Transculturation and Religion: Religion in the Formation of Modern India
Transculturation and Religion: Religion in the Formation of Modern India
TRANSCULTURATION AND RELIGION: RELIGION IN THE FORMATION OF MODERN INDIA
To put into historical perspective the multifaceted pattern of Hindu socioreligious modernism, scholars have chronicled the origins of British Orientalism and the Bengal Renaissance. Similar to the European Renaissance, which occurred prior to the Reformation, nineteenth-century India also underwent a period of cultural renaissance followed by an era of religious reformation.
British Orientalism and the Bengal Renaissance
The Bengal Renaissance occurred in eastern Gangetic India—specifically, in the colonial metropolis of Calcutta—from the year 1773, when Warren Hastings designated the city as the future capital of British India, until 1828, when Governor-General Lord Bentinck challenged Orientalist cultural policy. During this period, Calcutta operated schools using European textbooks and teaching methods. In addition, the newly created Hindu middle class had founded Hindu College, the only Western-style institution of higher learning in South Asia. The government supported newspapers, journals, and books printed in English and the vernacular languages of India. Calcutta boasted a modern public library. Perhaps most significantly, the metropolis contained native intelligentsia, whose members were familiar with happenings in contemporary Europe, fully cognizant of their country's own historical legacy, and, as a renaissance elite, hopeful about its future as a culture in the modern world.
The agents of Western colonial rule who sympathetically supported these endeavors were "acculturated" civil, military, and judicial officials of the British East India Company (as well as some missionaries) referred to as Orientalists, largely because of the cultural policy that was followed by the government. Most of these so-called Orientalists did not harbor nationalistic or imperialistic ambitions, nor did they support the increasingly bureaucratic mentality that developed after 1870. On the contrary, the Orientalists had been shaped by the eighteenth-century world of the Enlightenment, with its open-minded curiosity about other civilizations. Orientalists were encouraged by official policy to master at least one Indian language and to use that language fruitfully for scholarly research. It was no accident that the Asiatic Society of Bengal, established in Calcutta in 1784 as the first modern organization of its type to study Asian civilizations in all their aspects, was a direct result of a British East India Company cultural policy. Orientalists such as William Jones, William Carey, James Prinsep, H. T. Colebrooke, and H. H. Wilson made important discoveries in such fields as pre-Muslim Indian history, religion, and archaeology. Research into the kinship of Indo-European languages and the rediscoveries of the historic Buddha, Aśoka, and the Mauryan Empire were some of the lasting achievements of this coterie of devoted civil servants. There is no evidence that they ensconced themselves in clubs, as did the later bureaucrats, nor did they construct a barrier of racial privilege between themselves and their "subject races." Instead, the Orientalists reached out to the Bengali intelligentsia, forming relationships with them, serving as sources of knowledge about contemporary Britain and, above all, working together on projects designed to promote social and cultural change in Calcutta.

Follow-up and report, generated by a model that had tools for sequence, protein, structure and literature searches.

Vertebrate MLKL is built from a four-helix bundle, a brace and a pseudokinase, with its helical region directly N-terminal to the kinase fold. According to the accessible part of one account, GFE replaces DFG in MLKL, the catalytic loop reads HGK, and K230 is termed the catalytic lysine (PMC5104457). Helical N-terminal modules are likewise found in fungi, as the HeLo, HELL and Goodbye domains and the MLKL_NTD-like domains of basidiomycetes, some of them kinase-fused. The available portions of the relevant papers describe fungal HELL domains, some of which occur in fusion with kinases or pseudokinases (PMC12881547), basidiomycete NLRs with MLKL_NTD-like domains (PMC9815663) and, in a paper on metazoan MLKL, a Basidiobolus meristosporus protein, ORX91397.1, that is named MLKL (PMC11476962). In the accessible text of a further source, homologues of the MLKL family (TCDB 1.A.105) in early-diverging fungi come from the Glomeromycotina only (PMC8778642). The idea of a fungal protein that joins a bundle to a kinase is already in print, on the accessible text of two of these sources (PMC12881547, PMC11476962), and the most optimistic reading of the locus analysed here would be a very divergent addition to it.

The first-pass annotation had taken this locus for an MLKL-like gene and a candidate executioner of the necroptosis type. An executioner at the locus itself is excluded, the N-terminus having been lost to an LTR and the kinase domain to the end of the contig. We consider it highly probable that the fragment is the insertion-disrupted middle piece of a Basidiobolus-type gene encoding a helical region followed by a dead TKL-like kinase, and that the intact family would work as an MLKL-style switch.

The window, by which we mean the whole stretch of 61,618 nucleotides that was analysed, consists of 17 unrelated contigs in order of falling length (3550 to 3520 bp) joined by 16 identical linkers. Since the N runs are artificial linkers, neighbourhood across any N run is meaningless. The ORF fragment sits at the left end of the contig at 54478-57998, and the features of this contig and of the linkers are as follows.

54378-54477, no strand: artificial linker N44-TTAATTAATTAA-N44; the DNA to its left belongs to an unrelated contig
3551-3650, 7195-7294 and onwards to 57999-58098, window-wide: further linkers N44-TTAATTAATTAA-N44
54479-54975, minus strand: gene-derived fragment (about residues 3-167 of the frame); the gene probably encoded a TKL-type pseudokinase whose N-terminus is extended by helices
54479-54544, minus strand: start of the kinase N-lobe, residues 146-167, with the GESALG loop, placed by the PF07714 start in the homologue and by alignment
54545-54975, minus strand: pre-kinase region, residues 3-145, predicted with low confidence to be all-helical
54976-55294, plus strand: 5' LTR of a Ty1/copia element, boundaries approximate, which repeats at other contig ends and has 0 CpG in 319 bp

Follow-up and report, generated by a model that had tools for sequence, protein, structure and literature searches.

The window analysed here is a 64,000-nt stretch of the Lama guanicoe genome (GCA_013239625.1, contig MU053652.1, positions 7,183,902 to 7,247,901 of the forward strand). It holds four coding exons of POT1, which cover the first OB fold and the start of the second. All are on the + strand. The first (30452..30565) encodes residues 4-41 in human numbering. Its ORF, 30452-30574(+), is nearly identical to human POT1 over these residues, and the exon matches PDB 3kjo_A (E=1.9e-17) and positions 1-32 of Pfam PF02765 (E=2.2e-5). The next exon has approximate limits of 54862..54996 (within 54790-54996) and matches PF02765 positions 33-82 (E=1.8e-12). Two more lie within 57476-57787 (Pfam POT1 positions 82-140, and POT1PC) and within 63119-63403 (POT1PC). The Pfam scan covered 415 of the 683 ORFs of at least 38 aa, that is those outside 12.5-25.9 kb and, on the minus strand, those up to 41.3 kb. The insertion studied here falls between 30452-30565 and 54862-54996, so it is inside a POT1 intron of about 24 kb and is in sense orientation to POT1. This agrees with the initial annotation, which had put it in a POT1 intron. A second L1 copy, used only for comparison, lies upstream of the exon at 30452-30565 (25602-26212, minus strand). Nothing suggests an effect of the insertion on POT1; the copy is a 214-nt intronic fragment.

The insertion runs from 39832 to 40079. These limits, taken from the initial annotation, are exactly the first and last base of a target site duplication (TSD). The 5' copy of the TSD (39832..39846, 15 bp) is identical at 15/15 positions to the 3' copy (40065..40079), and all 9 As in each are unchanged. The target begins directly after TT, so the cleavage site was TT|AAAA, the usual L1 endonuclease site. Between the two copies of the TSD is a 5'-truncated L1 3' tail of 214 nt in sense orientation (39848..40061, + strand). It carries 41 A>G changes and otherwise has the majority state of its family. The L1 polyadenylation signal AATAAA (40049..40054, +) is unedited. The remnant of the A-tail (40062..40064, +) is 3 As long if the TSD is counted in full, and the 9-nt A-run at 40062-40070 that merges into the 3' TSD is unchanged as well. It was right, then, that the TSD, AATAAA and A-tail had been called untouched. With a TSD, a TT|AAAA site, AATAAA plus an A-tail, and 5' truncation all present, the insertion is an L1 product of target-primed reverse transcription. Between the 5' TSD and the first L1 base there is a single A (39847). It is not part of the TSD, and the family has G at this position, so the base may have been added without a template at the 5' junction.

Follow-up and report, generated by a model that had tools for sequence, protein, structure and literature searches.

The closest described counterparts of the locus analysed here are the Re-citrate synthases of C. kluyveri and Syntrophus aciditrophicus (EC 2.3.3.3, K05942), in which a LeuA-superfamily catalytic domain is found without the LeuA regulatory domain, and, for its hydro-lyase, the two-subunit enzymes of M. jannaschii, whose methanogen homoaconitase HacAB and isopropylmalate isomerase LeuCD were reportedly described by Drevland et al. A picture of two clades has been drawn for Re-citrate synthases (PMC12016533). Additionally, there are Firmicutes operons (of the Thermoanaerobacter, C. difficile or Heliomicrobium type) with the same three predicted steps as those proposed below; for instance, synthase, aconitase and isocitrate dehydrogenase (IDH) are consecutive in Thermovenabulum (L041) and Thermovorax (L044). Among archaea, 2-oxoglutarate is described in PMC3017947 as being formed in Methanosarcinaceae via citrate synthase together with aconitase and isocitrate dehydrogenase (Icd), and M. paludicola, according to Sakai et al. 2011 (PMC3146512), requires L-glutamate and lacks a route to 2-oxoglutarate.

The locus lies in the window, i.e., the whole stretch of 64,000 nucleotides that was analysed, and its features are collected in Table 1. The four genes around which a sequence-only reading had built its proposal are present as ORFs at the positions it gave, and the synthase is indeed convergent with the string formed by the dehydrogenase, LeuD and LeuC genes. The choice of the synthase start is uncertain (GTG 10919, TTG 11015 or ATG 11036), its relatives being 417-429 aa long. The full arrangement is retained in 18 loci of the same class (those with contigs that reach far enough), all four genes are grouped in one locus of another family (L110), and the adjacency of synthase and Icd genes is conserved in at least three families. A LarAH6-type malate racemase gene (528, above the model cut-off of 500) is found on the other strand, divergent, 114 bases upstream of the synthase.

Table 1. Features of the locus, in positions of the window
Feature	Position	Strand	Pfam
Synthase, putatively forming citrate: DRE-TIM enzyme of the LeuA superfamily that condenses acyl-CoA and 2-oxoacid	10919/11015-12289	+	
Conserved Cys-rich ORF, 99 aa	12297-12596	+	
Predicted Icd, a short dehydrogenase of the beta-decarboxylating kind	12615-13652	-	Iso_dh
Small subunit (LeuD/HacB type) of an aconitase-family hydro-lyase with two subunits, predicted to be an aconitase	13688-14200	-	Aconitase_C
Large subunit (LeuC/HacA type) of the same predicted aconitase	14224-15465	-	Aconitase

The Bengal Renaissance arose from interaction between the Bengali intelligentsia and the British Orientalists. Between 1800 and 1830, in Calcutta, the Bengali intelligentsia consisted of uncertain but hopeful people who were adopting alien values and ideas to reform indigenous traditions. They established relationships with the British, both for material gain and to use them as windows to the West. Fortunately for them, the distance between London and Calcutta was vast, and the Orientalists with whom they associated had already become sufficiently "Indianized." The Bengali's favorable view of the West during this sympathetic Orientalist period helped to maintain good rapport and goodwill between the representatives of the two civilizations.
Rammohun Roy, Father of Modern India